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Undetectable!

novaguy
Posts: 76
Joined: Jul 2009

I just got back from my uro's office, and my first PSA is undetectable! He said to have another test in 3 months but he doesn't need to see me for 6 months. He asked how many pads I'm using and I told him zero, I was continent from day one. He then asked about my ED and I told him I'm only 60% even with pills. He was happy that I was that much. I told him I'd gotten a pump but it doesn't do that much, after I let the pressure out I lose whatever erection I had. He recommended using an Actis band with the pump, so I will check that. Main thing, though, was the PSA. I was really worried about this first one.

dopplerjockey's picture
dopplerjockey
Posts: 39
Joined: Jul 2009

Welcome to the Zero club, we love to hear about those that have undetectable PSA's following therapy or surgery. And, I would jump for joy if I had 60% funtion with the ED issue. Congrats !! Keep that PSA level at undetectable.

lewvino's picture
lewvino
Posts: 1004
Joined: May 2009

Glad to hear your good news! I'm in the 0 club also for now. HOpe to stay with my positive margin at pathology but time will tell.

Larry

wxman
Posts: 19
Joined: Jun 2009

Hey Larry,

I had my check up about a week and a half ago. My psa levels did not drop to zero. I had a .8 and a .6 retest here in Atlanta. Went to Nashville and retested again at .5. The doctor said it was one of three things... 1. it's possibly still cancer, but probably not. 2. part of the prostate is still left. 3. "we don't know". The results were very unexpected by them. I will get a psa again in 6 months. If the levels stay the same for a while we can assume the answer it # 2 or 3. It was quite demoralizing getting that answer.

lewvino's picture
lewvino
Posts: 1004
Joined: May 2009

I can imagine that it would be demoralizing to you. My PSA came back at 0.
I can understand Number 1 and 3 from the comments but am confused by comment #2.

Part of the prostate is still left?
Were These comments from the Doctor in Atlanta?

Seems like surgery would take out all of the prostate.
Keep thinking positive and please keep in touch.

Larry (lewvino@yahoo.com)

wxman
Posts: 19
Joined: Jun 2009

No, this was the report in Nashville. There was some scar tissue. I suppose that it could have been a small part of the prostate left. The doctor is optimistic that the cancer is gone, but I sure would have liked to see my numbers near zero like most others are reporting.

William Parkinson
Posts: 60
Joined: Oct 2009

It seems to me, that waiting for 6 months to run another PSA test would be unwise. First I would ask your doctor if you had any positive margins on the prostate specimen (i.e., cancer was not totally removed by the surgery at the margin of the inked specimen). The usual presumption is that if you do not have any positive margins and your PSA does not drop to near zero levels, then the cancer is elsewhere, like in the lymph nodes. Thus, if the PSA drops to nearly zero levels and then goes up slowly then the thought is that it is a local occurrence (although on rare occasion some benign retained prostatic tissue may be to blame, see J. Kellogg Parson and Alan W. Partin, "Clinical management or rising prostatic-specific antigen after radical retropubic prostatectomy" in "Treatment Methods for Early and Advanced Prostate Cancer,( eds., Kirby, Roger S. & Mark Feneley, 2008): 107). The pathologist will know that answer and it should be in the doctor's file on you. Also, bear in mind that one gram of normal prostate tissue will produce 0.3 ng/ml of PSA, but one gram of PCa tissue will produce 3.0 ng/ml (Andrew J. Stephenson and Peter T. Scardino, "Clinical Evaluation of the Patient with Prostate Cancer," in Atlas of the Prostate, 3rd ed. eds. Peter T. Scardino and Kevin M. Slawin: 126). So, if the entire prostate is removed, there should be nearly a zero reading, while even a little cancer left after surgery can produce PSA levels like what you are seeing. The good news is that evidence suggests that when radiotherapy is given when the PSA is still around 0.5ng/ml the person has an excellent chance at cure. If you want to see the nomograms on this, go to the website for Memorial Sloan-Kettering and click on the tab for prostate cancer. There you can enter your own details and the nomogram will make a prediction about your prognosis. You can even enter the radiaton dose in greys. Enter something close to 80 greys; that is close to standard 3d-EBRT dosage. You can also add if you went on supplemental androgen deprivation at the same time. In any event, the earlier you determine if the cancer is still there, whether in a favorable local occurrence (i.e., positive margins) or the more unfavorable distant spread, the better your odds will be. I wish you the very best and please let us know how you are doing when they find out what the cause of the PSA issue is.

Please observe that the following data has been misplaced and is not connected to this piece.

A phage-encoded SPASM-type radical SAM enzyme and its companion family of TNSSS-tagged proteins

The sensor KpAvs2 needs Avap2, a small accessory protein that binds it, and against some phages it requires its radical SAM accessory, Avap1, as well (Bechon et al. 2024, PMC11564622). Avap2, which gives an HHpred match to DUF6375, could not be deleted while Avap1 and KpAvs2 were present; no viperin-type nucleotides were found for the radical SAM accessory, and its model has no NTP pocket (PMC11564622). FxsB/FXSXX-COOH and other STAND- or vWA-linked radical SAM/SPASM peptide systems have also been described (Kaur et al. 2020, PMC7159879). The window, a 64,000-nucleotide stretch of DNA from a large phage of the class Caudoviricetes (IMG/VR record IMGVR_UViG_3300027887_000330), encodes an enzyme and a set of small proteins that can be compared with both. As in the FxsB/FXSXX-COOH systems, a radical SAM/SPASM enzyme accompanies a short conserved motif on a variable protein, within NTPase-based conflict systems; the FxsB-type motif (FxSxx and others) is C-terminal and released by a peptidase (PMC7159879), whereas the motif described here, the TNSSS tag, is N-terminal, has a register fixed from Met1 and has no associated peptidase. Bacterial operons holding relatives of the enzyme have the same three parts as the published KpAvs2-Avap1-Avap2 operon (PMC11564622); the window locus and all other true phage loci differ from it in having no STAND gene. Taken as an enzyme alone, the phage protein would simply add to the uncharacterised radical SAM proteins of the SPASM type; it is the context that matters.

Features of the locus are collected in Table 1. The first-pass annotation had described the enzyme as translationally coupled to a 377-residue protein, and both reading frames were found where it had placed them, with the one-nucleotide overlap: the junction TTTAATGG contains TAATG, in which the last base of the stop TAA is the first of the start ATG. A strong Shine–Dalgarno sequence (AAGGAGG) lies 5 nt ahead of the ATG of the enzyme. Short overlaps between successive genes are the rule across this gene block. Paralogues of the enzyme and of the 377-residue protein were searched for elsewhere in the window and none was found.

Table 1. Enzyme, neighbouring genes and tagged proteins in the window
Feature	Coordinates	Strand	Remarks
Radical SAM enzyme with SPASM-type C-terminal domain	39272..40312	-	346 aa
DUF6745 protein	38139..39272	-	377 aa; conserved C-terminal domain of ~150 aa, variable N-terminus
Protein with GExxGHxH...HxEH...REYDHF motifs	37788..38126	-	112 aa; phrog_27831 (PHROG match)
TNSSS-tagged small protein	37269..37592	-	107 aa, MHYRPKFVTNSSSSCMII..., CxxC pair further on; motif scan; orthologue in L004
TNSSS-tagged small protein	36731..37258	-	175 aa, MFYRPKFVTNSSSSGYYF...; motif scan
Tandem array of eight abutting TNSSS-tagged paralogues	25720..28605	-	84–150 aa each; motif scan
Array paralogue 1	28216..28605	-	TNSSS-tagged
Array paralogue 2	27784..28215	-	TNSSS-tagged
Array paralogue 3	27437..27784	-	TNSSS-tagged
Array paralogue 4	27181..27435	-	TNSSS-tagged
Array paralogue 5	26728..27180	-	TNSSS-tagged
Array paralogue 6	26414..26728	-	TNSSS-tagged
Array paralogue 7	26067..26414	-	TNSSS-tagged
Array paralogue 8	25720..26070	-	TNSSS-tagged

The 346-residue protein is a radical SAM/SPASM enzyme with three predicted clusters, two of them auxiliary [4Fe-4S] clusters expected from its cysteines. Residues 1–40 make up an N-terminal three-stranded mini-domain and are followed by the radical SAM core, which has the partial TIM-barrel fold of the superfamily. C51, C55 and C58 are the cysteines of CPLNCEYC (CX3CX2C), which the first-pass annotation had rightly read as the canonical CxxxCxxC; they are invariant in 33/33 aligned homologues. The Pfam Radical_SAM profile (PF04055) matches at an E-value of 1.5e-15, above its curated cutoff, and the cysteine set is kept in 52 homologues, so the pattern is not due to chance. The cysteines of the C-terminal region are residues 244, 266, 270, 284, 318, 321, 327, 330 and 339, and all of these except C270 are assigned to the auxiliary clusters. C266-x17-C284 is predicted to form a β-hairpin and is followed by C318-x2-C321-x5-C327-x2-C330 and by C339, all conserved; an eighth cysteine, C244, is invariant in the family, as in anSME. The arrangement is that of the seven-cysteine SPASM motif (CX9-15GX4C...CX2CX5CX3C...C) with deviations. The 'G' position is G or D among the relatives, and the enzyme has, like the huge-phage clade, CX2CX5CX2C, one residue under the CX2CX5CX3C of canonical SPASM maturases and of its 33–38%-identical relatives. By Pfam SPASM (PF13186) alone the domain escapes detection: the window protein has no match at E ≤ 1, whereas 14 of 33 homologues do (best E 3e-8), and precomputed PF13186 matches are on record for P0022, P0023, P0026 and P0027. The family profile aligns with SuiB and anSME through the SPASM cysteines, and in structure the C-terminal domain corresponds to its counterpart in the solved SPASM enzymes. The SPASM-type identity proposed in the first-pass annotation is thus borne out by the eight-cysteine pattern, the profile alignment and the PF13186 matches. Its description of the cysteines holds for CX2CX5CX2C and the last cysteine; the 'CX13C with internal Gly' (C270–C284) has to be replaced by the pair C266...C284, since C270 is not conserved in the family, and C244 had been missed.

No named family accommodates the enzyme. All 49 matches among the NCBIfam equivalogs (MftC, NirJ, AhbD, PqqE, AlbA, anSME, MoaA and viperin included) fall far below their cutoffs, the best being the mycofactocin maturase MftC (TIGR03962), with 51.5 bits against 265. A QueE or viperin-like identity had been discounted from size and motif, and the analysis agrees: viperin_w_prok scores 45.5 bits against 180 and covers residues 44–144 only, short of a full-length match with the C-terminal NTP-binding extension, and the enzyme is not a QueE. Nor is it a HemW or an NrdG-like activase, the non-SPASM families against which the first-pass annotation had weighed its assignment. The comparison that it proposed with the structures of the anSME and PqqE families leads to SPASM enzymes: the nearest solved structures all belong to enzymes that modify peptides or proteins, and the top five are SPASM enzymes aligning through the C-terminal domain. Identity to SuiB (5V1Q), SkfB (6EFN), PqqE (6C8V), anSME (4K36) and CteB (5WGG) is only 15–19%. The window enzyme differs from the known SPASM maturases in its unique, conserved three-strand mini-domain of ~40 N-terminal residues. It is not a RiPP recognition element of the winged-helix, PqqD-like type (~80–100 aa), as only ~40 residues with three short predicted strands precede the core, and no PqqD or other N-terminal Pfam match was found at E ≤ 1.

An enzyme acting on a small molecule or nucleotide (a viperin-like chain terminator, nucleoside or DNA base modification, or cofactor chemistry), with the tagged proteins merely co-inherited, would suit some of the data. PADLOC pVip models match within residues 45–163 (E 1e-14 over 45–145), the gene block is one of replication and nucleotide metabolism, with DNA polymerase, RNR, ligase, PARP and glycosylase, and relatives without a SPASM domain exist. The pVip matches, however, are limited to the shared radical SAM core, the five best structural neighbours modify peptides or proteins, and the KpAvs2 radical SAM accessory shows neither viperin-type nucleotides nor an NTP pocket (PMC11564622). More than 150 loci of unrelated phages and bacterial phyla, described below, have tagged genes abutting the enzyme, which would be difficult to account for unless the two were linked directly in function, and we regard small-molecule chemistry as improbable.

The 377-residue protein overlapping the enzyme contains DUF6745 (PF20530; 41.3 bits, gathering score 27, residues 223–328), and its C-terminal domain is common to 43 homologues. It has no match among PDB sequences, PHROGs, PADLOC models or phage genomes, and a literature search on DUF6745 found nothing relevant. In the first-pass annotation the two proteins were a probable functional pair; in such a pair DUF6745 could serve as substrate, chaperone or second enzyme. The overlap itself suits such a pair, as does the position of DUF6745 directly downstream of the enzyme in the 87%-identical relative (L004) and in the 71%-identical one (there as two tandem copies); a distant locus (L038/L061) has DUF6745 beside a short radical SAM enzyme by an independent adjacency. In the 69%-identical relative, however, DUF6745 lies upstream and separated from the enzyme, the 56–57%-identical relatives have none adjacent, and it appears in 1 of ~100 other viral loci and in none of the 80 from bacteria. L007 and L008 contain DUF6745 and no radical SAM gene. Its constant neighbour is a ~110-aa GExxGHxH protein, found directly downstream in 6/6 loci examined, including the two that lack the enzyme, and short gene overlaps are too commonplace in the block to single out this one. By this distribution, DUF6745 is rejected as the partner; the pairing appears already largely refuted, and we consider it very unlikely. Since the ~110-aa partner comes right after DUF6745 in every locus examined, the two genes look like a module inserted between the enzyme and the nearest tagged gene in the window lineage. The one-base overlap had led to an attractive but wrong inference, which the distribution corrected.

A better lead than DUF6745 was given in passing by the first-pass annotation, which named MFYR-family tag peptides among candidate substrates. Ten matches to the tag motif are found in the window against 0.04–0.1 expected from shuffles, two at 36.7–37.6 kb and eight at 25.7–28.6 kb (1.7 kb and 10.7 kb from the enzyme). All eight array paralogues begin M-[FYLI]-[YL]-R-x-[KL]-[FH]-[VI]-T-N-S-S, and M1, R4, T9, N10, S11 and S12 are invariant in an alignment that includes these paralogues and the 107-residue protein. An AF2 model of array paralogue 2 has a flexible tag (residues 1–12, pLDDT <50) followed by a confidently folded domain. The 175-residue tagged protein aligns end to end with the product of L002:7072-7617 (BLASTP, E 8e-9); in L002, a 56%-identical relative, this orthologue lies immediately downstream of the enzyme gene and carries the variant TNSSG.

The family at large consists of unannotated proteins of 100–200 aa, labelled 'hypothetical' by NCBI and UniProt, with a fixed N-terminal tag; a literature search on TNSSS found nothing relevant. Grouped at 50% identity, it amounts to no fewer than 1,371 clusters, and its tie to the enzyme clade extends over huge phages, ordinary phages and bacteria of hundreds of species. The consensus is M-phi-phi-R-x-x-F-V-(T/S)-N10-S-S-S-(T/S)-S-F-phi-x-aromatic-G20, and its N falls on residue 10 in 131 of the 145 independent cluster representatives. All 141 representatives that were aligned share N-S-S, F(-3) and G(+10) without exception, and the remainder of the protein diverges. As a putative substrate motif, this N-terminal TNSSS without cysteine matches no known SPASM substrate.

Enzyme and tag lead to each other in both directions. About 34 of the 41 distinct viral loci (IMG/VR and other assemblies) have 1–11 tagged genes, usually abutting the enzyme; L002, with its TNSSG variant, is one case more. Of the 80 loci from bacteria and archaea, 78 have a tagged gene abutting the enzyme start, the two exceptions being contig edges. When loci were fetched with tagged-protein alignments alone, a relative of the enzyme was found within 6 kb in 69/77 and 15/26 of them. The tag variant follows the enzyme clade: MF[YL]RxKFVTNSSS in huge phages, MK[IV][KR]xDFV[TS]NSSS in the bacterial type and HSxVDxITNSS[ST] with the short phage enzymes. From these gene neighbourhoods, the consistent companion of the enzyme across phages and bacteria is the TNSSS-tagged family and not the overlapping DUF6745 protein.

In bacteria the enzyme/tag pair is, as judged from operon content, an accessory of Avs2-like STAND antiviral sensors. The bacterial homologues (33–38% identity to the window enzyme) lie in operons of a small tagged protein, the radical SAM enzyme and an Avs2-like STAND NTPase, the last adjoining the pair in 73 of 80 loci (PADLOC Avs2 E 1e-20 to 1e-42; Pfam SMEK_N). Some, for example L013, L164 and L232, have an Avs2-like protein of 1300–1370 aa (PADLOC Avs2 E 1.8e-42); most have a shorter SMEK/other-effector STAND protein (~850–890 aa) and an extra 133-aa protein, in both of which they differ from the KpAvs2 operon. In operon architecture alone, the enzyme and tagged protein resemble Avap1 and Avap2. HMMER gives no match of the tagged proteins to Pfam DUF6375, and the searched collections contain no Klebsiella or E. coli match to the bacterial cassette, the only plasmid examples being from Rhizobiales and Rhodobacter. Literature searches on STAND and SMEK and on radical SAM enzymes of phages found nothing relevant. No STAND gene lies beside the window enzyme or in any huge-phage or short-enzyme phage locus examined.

Cheers
Bill

NM
Posts: 214
Joined: Jul 2009

Hi and welcome to the zero club. Good thing to hear novaguy. My first psa was .05. My doctor said that anything less than .2 is ok. Any thoughs on this number.

Nick

lewvino's picture
lewvino
Posts: 1004
Joined: May 2009

Are you asking for thoughts on .05 or the .2? I've been told with my positive margin if I get .1 in my blood work I should start radiation right away. So that would be inline with the .2 number.

Larry

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